On June 25, 1997, defendant filed a motion for discharge pursuant to the speedy trial act. At defendant's request, the case was continued to August 25, 1997, for transcripts to be reviewed. On August 25, 1997, the court conducted a hearing on defendant's speedy trial motion. Both the State and defendant agreed that 108 days were attributable to the State for calculating the 120-day period under the speedy trial act. The parties disagreed over whether a 15-day period, from January 27, 1997, through February 11, 1997, was attributable to the defendant. After reviewing transcripts, the trial court denied defendant's motion for discharge and found that defendant's protests did not negate defense counsel's agreement to a continuance and did not make this 15-day period of delay attributable to the State. The court also noted that, as of January 27, 1997, defendant's motion to suppress evidence was still pending and had not yet been commenced.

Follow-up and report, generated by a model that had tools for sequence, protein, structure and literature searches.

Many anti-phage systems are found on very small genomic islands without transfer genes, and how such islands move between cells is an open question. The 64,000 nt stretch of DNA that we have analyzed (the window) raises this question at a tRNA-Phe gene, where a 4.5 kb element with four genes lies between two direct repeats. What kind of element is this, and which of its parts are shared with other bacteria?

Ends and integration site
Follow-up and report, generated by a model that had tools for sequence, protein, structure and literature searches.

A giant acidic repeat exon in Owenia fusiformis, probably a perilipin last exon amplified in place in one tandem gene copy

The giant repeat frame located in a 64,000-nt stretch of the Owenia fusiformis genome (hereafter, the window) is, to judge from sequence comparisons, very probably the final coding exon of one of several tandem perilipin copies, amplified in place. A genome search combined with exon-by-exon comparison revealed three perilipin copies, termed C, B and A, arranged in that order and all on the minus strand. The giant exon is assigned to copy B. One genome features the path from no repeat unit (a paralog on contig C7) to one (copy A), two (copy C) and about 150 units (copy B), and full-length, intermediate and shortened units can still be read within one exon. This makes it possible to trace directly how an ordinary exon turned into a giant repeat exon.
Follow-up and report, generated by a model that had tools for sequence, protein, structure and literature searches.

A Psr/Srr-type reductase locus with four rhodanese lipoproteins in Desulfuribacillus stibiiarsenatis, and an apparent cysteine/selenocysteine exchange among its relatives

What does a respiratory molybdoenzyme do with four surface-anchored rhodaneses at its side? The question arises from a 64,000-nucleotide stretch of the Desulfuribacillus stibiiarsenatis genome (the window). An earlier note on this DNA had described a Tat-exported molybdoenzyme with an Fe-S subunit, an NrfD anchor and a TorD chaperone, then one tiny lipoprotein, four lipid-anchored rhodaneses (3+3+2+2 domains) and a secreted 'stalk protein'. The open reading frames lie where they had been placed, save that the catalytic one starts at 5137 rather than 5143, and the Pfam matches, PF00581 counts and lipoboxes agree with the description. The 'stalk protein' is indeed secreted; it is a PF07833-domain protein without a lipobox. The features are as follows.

On September 4, 1997, defendant's jury trial began. During the trial, defendant threw a chair at defense counsel and charged at him before being subdued by court deputies. From that point on, defendant's legs were shackled outside the view of the jury. After hearing the testimony and evidence, the jury found defendant guilty of attempted first degree murder, armed robbery, armed violence, and aggravated battery.